June 6, 2012 | Commentary on International Law
President Reagan so strongly opposed the United Nations Convention on the Law of the Sea that he didn't just not sign the treaty. He very publicly refused to sign it. He also dismissed the State Department staff that helped negotiate it. And in case anyone didn't get the message, he sent special envoy Donald Rumsfeld on a globe-trotting mission to explain his opposition and urge other nations to follow suit.
How odd, then, to hear proponents of the convention (also known as the Law of the Sea Treaty, or LOST) insist that Reagan would gladly sign on today. To hear them tell it, the Gipper's reservations were few, minor and subsequently taken care of in a 1994 agreement now incorporated in the treaty.
But with the treaty again under consideration by the Senate, it's important to note that Reagan's objections to it were anything but trivial. In his view, articulated long before he entered the Oval Office, its fatal flaw was as great as it was simple: LOST posed a direct threat to American sovereignty.
In a 1978 radio address titled "Ocean Mining," he asserted that "no nat[ional] interest of ours could justify handing sovereign control of two-thirds of the Earth's surface over to the Third World." He added: "No one has ruled out the idea of a [Law of the Sea] treaty — one which makes sense — but after long years of fruitless negotiating, it became apparent that the underdeveloped nations who now control the General Assembly were looking for a free ride at our expense, again."
What had begun as an effort to codify certain navigational rights had, during the course of extended negotiations, morphed into a "constitution for the oceans" that would push nations further along the road to a world government. Of particular concern was Part XI of the treaty, which created supra-national executive, legislative and judicial mechanisms to regulate the mineral resources of the world's oceans.
One of these institutions — the International Seabed Authority — is assigned the power to regulate deep seabed mining and development on the extended continental shelf. In return for "assuring" those rights, the ISA would receive royalties from gas and oil exploration. Those revenues would then be redistributed to poorer countries.
Those who claim that the U.S. is out of step with LOST need to know that in 1983, after rejecting the treaty, Reagan issued an "ocean policy statement" affirming the U.S. intent to abide by most of the pact's provisions, such as navigational rights. After all, most of them merely recapitulate rights established by customary international law. Reagan's statement also proclaimed that the U.S. had a 200-nautical-mile "exclusive economic zone" in conformity with the treaty. No foreign nation has challenged the existence or breadth of that U.S. zone.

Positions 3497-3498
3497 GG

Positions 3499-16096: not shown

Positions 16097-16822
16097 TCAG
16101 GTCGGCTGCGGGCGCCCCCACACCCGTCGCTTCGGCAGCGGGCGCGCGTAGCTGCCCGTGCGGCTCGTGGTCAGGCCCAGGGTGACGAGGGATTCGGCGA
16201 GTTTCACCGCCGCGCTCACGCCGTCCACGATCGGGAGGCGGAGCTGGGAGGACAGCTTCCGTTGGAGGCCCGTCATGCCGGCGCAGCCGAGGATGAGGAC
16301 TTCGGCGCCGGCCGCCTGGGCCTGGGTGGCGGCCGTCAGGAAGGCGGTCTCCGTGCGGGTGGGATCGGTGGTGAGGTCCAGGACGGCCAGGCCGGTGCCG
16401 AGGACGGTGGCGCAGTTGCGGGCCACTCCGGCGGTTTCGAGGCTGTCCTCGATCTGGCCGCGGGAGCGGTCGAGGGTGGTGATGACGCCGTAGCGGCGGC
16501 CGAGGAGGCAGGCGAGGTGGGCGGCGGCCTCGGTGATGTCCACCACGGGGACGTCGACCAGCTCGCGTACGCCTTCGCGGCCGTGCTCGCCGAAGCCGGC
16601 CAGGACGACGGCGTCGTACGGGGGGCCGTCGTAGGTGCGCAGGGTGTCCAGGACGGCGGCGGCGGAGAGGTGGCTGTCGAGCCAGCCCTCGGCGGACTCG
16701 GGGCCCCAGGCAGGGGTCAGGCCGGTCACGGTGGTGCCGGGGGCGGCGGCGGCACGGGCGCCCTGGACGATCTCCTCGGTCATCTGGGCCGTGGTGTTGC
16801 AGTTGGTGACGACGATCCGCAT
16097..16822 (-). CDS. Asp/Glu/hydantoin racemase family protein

The statement specifically took exception to the treaty's deep seabed mining provisions. Some have claimed those provisions were the only ones that troubled Reagan. But his diary entry of June 29, 1982, makes it clear that the problems went far beyond that: "Decided in [National Security Council] meeting — will not sign 'Law of the Sea' treaty even without seabed mining provisions."
After taking office, the Reagan administration tried for months to negotiate extensive changes in the draft treaty. But the effort failed to produce a document the president could sign.
The man who tried to renegotiate the treaty was Ambassador James Malone. In 1984, he explained why Reagan considered LOST to be unacceptable: "The treaty's provisions were intentionally designed to promote a new world order — a form of global collectivism … that seeks ultimately the redistribution of the world's wealth through a complex system of manipulative central economic planning and bureaucratic coercion."
Eleven years later, Malone declared: "This remains the case today." Despite the claims that the 1994 agreement "fixed" the offending deep seabed provisions, the "new and improved" pact remained fundamentally objectionable.
As senators ponder the treaty yet again, they would do well to consider the question: What, exactly, do we gain by joining LOST? In the most recent Senate hearing, Sen. Chris Coons (D-Del.) asked Gen. Martin Dempsey, chairman of the Joint Chiefs: "Does failure to ratify this treaty … in any way compromise the ability of the United States to project force around the world, to support and sustain our allies…? Are we at risk as a result of failure to ratify this treaty?"
Dempsey's response boiled down to "no."
"Our ability to project force will not deteriorate," he said, if we refrain from ratifying the treaty.
Why risk sacrificing U.S. sovereignty under the treaty if it makes us no more secure? After all, what initially established and still ensures freedom of navigation under international law is naval power. To secure navigational freedom, territorial rights and all national and international interests addressed in LOST, we must maintain the strength of theU.S. Navy, not look to an anachronistic pact that is intent on advancing a one-world agenda.
Edwin Meese III, U.S. attorney general in the Reagan administration, is chairman of the Center for Legal and Judicial Studies at the Heritage Foundation.
This article originally appeared in the LA Times on June 5th, 2012.